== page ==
Obviously the people of LS were worried about 1) his untruthfulness and 2)the crowd and litter such sales would inevitably create.



Not to be rude, but a lot of people might take the stroll from the La saison area through LS to get a drink, or at least that was part of the concern.



The owner of Foodland then pitched a fit, saying he could not afford to stay open without, to which the residents said "f you."



So he closed.



The people in the area, though, were fully ready to let him sell package liqour from 6 pack level on up...just like all Schnucks'.



I don't think its an issue that Schnucks will have to deal with, since selling beer and malt liqour by the bottle isn't their M.O.




Thanks. My buddy who lived on Park at the time didn't give me that story. He claimed LSquare people wanted it totally dry. The resistance to single bottle sales is completely understandable.

If Schnuck's was really serious about getting a store in the area, wouldn't the old Foodland site make a lot more sense? I'm not talking about reusing the old store per se, but building a new store in its place.

I'm sure Schnucks likes the convenience of having the 55/44 merger right there. Meaning that they might even catch some people on their way out to the burbs, picking up stuff for dinner.



An urban style store is completely doable. There are very urban style Whole Foods in New Orleans that I've been in. They've got a small, two level parking lot in the rear. And no parking (other than street) in front.



But I just can't stand this tear down mentality. Those houses are nice looking, and could be saved, instead of tearing them down, why don't we work to build a denser area with housing. And not that cheap Pyramid crap like King Louie Square. There's just way too much cool housing stock on Bohemian Hill to be scrapped.

trent wrote:
But I just can't stand this tear down mentality. Those houses are nice looking, and could be saved, instead of tearing them down, why don't we work to build a denser area with housing. And not that cheap Pyramid crap like King Louie Square. There's just way too much cool housing stock on Bohemian Hill to be scrapped.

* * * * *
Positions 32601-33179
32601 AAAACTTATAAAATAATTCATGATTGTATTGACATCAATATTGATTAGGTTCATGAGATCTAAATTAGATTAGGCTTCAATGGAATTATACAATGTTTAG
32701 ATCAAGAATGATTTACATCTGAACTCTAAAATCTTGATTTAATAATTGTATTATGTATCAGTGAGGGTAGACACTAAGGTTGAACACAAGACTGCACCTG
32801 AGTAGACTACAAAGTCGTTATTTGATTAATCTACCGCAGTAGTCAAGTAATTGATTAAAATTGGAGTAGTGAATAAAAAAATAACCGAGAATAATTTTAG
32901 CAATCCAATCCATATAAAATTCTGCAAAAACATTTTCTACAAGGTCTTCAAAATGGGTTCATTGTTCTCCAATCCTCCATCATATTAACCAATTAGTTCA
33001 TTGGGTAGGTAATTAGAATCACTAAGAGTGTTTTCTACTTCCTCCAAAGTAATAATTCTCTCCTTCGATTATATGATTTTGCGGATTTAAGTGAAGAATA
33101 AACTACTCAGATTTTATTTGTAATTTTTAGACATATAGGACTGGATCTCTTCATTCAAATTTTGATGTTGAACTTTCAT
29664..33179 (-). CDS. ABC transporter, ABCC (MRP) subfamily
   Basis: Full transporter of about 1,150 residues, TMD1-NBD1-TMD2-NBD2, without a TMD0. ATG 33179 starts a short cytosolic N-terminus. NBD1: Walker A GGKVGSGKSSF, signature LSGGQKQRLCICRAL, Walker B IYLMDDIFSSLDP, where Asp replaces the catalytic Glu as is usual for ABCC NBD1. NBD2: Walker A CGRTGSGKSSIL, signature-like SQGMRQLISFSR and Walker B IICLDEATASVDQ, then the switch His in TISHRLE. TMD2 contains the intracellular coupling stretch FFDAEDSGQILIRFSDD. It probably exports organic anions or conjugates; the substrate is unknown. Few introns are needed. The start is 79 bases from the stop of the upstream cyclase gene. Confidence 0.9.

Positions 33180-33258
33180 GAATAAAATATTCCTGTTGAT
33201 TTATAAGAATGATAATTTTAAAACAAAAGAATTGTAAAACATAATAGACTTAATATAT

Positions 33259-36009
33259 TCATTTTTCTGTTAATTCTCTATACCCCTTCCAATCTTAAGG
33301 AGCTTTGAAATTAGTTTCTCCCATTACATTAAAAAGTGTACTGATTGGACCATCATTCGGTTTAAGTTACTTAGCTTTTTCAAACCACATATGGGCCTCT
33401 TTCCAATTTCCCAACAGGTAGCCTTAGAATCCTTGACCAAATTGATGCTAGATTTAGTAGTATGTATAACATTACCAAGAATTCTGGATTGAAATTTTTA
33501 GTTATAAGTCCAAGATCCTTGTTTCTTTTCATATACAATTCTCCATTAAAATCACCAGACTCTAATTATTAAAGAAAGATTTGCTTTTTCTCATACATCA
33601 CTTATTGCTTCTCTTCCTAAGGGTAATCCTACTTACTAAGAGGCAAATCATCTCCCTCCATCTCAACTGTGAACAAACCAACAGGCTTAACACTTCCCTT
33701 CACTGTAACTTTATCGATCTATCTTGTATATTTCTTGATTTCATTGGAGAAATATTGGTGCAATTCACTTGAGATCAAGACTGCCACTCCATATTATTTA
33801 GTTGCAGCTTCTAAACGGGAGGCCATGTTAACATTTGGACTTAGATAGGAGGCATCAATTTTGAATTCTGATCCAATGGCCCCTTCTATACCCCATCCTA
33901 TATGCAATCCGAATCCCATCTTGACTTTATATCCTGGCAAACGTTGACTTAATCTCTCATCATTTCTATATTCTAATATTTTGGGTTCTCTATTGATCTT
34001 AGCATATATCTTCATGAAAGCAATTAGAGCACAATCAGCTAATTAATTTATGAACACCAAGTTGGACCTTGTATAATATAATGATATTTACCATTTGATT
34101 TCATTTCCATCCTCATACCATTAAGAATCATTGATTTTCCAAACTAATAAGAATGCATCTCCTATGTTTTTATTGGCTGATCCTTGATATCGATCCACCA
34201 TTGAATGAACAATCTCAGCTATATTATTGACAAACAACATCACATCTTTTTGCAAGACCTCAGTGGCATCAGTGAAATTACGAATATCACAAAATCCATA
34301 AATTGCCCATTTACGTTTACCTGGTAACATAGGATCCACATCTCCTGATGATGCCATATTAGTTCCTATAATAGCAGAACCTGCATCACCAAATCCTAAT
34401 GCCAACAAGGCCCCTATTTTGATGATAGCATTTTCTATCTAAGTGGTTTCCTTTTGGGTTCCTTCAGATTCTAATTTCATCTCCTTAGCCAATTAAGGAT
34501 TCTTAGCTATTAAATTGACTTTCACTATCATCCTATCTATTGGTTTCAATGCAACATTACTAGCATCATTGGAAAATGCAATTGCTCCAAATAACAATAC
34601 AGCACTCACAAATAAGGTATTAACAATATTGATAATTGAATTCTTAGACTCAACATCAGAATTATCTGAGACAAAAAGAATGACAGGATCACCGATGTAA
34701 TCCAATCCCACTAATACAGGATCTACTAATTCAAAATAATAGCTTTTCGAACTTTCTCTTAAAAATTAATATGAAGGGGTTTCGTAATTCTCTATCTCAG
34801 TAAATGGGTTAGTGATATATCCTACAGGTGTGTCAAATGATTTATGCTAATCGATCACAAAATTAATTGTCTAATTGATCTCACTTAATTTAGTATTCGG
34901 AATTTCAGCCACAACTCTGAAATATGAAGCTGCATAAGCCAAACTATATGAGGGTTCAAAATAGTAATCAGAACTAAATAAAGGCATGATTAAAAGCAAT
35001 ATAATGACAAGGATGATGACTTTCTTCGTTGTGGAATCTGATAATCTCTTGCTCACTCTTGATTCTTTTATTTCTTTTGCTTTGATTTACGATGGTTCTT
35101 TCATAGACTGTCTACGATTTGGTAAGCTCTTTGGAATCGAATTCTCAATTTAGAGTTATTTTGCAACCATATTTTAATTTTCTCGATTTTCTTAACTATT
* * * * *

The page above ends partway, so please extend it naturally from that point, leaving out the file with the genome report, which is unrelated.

Hear, hear!

Have you been by in the past month? Not too much left anymore.

What worries me is the point someone made earlier about eminent domain. Would the city allow ED to be used to build a Schnucks??



(I just read that last sentence again and now I'm REALLY worried.)

thats my point exactly ... if they're getting Eminent Domain then we should be able to demand a proper urban development. Schnucks COULD do it .... it is possible. I'd love to see a main parking garage serving the store, a gym and a few stores. If they build a ginormous parkign lot I'll fume ........

Fuming about a ginormous parking lot after the fact won't help us in the long run. What can we do before the plans are set in stone to show that a suburban Schnucks will not be good for the City and especially not good for Lafayette Square?

For one, you can post old blinky and his three eyes as a guard on the property Jax :D . honestly, I think that the amount of clout that resides in Lafayette square and the immediate area should be sufficient to force an acceptable design. I think that the key is simply to create sufficient awareness of the dealings among residents and make sure they know how to make their voices heard. Maybe I'm being naive, but people who have chosen to live in this neck of the woods don't want to live in the suburbs. Besides, a large surface parking lot would take up real estate that could make a developer a load of money if properly used. why squander the space on pavement when it could be turned into money?

TGE-ATW wrote:
If somebody wanted to start their own small family grocery store there they would do incredibly well.




There's a small, fairly new supermarket on Chouteau just East of Truman Parkway.